- Forum: Non-Equilibrium Conditions & The Reaction Quotient
- Topic: sapling week 2 #5
- Replies:
**15** - Views:
**113**

### sapling week 2 #5

The question is: The Kb for an amine is 9.721×10−5. What percentage of the amine is protonated if the pH of a solution of the amine is 9.293 ? Assume that all OH− came from the reaction of B with H2O. I have solved for x by calculating pOH, then from there setting that equal to -log(x), finding that...

- Sun Jan 24, 2021 3:36 pm
- Forum: Non-Equilibrium Conditions & The Reaction Quotient
- Topic: Week 2 Sapling #2
- Replies:
**9** - Views:
**71**

### Week 2 Sapling #2

The question is: The Ka of a monoprotic weak acid is 0.00891. What is the percent ionization of a 0.142 M solution of this acid? Could someone walk me through this? My equation is 0.00126522-0.00891x=x 2 . Is that right? When I plug that in a calculator there is not an x-intercept, so I don't know w...

- Sun Jan 17, 2021 6:15 pm
- Forum: Equilibrium Constants & Calculating Concentrations
- Topic: sapling number 9
- Replies:
**3** - Views:
**41**

### Re: sapling number 9

When solving after you have found expressions with x, I would take the square root of the entire equation first, leaving you with 2(.3+x)=(.9-2x).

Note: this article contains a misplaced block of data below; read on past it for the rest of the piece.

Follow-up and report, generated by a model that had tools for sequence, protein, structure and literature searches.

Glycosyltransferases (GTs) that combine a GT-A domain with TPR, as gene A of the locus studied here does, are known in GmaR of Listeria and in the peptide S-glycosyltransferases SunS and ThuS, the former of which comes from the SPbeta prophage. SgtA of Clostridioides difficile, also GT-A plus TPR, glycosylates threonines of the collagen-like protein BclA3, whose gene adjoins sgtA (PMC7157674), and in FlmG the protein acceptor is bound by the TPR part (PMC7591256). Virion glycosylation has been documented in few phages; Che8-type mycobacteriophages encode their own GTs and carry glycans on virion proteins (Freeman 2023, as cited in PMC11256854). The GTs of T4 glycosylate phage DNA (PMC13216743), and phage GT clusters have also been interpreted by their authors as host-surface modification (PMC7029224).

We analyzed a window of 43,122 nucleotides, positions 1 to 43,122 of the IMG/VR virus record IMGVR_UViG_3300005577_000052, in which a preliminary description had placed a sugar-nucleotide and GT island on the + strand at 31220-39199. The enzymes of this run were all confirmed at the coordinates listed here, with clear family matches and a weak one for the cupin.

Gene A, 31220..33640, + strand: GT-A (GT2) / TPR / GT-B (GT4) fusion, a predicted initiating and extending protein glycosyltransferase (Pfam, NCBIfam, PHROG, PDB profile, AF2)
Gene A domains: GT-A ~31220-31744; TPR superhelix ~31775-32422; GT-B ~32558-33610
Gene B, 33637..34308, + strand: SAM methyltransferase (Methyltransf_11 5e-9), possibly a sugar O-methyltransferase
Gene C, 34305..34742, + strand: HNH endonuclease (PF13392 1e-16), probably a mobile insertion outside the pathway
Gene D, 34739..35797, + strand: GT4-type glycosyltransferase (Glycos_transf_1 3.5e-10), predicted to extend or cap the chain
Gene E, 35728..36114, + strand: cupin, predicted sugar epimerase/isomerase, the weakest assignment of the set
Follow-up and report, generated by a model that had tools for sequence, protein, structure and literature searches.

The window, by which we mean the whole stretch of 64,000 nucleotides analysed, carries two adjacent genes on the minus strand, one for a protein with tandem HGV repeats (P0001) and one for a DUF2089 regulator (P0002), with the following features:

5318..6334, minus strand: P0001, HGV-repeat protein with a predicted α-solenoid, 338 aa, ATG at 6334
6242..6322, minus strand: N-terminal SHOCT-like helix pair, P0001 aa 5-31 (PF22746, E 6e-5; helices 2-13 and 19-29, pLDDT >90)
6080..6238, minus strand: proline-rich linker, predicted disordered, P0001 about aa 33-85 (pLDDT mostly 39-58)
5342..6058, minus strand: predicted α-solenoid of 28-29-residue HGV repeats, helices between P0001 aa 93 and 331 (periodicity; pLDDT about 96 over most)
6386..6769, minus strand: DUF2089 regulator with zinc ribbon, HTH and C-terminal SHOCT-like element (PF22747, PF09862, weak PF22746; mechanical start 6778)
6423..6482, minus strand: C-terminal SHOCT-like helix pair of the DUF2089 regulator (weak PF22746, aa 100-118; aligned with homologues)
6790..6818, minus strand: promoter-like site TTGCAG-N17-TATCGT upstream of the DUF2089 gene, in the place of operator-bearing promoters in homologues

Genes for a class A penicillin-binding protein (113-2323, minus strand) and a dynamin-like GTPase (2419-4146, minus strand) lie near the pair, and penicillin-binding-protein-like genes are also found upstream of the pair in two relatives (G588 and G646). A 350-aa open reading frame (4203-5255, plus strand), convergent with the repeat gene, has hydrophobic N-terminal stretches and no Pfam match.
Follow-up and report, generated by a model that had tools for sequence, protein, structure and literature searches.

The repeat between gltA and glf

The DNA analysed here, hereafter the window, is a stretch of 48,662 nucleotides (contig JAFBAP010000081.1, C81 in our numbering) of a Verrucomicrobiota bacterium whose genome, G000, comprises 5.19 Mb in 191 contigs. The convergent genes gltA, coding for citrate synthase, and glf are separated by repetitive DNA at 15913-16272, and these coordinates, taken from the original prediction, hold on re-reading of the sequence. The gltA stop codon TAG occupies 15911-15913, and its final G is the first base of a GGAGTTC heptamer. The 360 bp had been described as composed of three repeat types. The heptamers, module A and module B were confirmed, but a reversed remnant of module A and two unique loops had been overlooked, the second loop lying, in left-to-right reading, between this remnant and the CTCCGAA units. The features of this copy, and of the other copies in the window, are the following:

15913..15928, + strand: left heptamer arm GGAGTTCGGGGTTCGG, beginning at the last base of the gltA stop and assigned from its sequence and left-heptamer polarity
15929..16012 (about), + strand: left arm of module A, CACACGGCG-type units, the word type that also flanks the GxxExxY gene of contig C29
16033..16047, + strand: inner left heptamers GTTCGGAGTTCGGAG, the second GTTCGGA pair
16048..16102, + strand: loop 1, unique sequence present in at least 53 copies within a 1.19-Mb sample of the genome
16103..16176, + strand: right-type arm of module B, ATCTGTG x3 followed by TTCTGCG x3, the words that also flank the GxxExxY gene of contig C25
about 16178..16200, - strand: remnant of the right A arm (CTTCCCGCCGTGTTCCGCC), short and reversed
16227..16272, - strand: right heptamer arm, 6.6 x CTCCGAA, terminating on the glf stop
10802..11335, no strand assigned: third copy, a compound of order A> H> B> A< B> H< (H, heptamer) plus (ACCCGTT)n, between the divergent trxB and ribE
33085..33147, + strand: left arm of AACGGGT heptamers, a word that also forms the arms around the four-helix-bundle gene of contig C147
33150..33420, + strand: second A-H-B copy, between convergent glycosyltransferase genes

From there, simplify, x=0.075. If the question is asking for the final concentration of NO, then make sure to plug x back in to find .9-2(0.075)=0.75.

From there, simplify, x=0.075. If the question is asking for the final concentration of NO, then make sure to plug x back in to find .9-2(0.075)=0.75.

- Sun Jan 17, 2021 5:33 pm
- Forum: Equilibrium Constants & Calculating Concentrations
- Topic: Sapling Week 1 and 2 #9
- Replies:
**5** - Views:
**31**

### Sapling Week 1 and 2 #9

At equilibrium, the concentrations in this system were found to be [N2]=[O2]=0.100 M and [NO]=0.500 M. N2(g)+O2(g)↽−−⇀2NO(g) If more NO is added, bringing its concentration to 0.800 M, what will the final concentration of NO be after equilibrium is re‑established? Could someone help me with this sap...

- Sun Jan 17, 2021 5:29 pm
- Forum: Equilibrium Constants & Calculating Concentrations
- Topic: sapling number 4
- Replies:
**4** - Views:
**35**

### Re: sapling number 4

start with the equation Kp=P PCl5 /P PCl3 *P Cl2 . From here, you can plug in the given value for Kp and the numerator would be P PCl5 -x and the denominator x 2 . From there, you can set up a quadratic equation, calculating x, and then adding all of partial pressures together to get the total press...